It has been called Europe’s “Hamiltonian moment.” It’s true that for the first time the EU has seen a common issuance of debt.
On Tuesday European Union leaders agreed to a recovery plan funded by the bloc’s first major issuance of common debt, and some are calling it a historic moment for the Continent’s political and fiscal integration. This is a significant development, but don’t hold your breath for a United States of Europe.
The EU announced €1.8 trillion in spending to address the pandemic-induced economic contraction, with more than €1 trillion going to the bloc’s seven-year budget. The European Commission also will borrow on capital markets for a €750 billion recovery package. Some €390 billion of that will come as grants, with the rest in loans. Economic basket cases like Italy and Spain stand to be the biggest recipients.
In Italy, the agreement was preceded by a heated diatribe against the so-called “frugal” countries, in particular the Netherlands, which demanded more “conditionality:” that is, the government of the Netherlands wanted to make sure countries like Italy or Spain were not wasting the money on more government spending of the most blatantly unproductive kind. In a sense, this was paradoxical: if, in essence, the agreement enables the EU to provide loans to a number of countries—including Italy—at a rate of interest lower than what these countries could get on the market, it is precisely because the “frugal” countries kept their books in order and the “spendthrift” ones can now take advantage of these circumstances. But it also tells you that it is very likely that this new “European aid” will be wasted as our Dutch and Swedish friends fear. There is such widespread rhetoric against “austerity” that increased government spending goes with a sense of entitlement. Believe it or not, the main “argument” of Italian politicians who are opposing this deal is that the funds are (partly) provided as loans and that “we’ll need to repay them,” as if repaying a debt was an outrageous innovation foisted upon the unsuspecting Italian people.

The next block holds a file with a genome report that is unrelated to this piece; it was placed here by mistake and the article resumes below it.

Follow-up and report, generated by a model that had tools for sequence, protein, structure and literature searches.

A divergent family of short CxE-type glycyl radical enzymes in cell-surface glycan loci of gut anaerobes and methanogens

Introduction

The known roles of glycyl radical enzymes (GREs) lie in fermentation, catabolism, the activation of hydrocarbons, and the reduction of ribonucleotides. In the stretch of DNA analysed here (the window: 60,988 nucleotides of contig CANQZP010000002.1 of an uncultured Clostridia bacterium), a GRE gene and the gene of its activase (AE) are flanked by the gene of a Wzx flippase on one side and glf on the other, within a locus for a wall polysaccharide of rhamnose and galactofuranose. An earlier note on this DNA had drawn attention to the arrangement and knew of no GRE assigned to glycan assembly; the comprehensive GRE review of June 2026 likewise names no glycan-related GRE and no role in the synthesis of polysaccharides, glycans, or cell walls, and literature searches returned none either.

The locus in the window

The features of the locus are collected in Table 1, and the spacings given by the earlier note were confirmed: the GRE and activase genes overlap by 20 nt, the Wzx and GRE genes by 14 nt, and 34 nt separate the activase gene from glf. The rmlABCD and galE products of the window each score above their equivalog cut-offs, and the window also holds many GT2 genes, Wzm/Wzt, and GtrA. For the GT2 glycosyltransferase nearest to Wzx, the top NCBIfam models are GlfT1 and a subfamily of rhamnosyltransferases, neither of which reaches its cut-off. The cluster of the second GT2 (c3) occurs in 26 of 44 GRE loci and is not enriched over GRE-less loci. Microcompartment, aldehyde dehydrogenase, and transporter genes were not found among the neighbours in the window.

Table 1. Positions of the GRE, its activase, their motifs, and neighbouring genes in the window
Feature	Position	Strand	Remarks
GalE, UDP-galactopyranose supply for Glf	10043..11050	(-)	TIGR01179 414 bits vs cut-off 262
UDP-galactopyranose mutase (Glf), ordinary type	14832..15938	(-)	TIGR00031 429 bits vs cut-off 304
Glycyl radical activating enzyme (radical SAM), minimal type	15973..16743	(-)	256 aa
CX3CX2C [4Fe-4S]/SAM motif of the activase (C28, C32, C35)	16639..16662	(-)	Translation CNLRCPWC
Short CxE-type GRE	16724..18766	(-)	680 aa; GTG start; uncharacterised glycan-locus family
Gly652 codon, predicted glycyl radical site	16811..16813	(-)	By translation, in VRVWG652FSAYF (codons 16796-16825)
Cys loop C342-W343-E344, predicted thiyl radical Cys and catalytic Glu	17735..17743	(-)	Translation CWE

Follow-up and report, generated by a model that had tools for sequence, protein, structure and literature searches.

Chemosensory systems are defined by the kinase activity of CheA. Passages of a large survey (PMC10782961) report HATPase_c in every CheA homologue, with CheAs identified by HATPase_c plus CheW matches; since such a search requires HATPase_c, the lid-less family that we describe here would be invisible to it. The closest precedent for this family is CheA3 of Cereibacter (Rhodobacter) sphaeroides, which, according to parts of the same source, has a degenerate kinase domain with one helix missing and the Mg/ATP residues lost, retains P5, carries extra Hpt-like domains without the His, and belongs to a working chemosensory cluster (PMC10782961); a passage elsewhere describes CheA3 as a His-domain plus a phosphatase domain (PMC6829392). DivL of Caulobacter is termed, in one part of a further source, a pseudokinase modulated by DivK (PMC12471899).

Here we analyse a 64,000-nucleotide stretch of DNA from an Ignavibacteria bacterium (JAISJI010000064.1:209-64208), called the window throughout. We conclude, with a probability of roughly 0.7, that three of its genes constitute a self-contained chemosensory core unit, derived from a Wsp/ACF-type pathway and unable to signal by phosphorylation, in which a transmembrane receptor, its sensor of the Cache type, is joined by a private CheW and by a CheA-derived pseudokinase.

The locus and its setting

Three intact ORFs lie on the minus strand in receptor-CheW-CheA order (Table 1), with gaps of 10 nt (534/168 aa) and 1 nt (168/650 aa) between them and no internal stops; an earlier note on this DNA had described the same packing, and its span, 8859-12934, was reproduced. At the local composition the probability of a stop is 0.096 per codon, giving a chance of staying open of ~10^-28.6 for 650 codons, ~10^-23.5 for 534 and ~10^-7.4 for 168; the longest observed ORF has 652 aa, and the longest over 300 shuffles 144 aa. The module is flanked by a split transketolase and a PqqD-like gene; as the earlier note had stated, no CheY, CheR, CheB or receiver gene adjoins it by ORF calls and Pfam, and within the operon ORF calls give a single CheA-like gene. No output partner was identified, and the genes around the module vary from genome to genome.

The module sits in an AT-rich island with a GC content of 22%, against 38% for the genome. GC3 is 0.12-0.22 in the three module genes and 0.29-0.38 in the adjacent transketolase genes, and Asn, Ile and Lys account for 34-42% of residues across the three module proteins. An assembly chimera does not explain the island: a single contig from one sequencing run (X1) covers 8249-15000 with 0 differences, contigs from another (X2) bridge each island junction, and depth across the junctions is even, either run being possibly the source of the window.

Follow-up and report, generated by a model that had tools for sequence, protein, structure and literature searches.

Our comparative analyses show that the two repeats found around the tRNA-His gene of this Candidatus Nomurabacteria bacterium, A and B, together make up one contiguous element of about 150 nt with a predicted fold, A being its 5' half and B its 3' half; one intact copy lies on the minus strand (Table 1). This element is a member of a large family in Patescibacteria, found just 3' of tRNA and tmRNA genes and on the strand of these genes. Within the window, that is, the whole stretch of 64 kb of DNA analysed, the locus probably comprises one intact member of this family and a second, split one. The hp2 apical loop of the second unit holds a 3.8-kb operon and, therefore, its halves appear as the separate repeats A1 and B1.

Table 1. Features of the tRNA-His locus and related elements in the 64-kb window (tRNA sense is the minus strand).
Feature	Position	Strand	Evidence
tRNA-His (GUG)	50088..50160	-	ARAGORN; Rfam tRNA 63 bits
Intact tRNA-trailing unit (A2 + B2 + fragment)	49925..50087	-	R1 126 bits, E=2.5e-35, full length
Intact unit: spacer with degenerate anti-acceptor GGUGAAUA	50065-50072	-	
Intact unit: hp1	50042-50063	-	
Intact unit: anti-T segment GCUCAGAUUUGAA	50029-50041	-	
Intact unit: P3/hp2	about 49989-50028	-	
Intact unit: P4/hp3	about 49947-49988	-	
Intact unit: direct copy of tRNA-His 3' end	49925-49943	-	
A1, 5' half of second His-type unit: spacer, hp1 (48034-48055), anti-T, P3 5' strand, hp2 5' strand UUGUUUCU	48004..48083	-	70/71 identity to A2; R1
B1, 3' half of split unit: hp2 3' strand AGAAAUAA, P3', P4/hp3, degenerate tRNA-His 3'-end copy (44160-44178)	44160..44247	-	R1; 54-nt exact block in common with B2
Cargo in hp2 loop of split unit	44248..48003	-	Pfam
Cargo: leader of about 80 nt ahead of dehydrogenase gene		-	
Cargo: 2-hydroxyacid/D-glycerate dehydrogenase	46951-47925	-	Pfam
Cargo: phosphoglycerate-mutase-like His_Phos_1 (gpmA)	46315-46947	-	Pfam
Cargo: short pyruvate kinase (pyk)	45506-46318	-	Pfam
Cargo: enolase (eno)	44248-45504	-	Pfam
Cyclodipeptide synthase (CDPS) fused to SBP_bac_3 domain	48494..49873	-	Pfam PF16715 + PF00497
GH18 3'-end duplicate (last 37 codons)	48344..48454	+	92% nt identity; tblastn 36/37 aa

The true novelty in the agreement is that conditionality is very limited and this move triggers the evolution of Europe towards a transfer union. These transfers will be dressed up as special anti-COVID19 aid, aiming at fostering a more innovative, greener, economy and the other shibboleths of our time. Yet the staggering thing is that nobody, within or outside of Italy, seems worried about the effect such spending will have on economic growth. Typically this sort of government intervention pretends to be “fostering growth.” Now, in the dominant political rhetoric, even mentioning growth is a taboo.
In short, we see a profound institutional transformation of the nature of the Union, with the main aim of kicking the can down the road. It is profoundly paradoxical that Italians are so happy about that. Italians have evidence in the South of their country that showering a territory with aid won’t do much for economic development. And yet they seem determined to become, for the whole of Europe, what the Mezzogiorno is for Italy.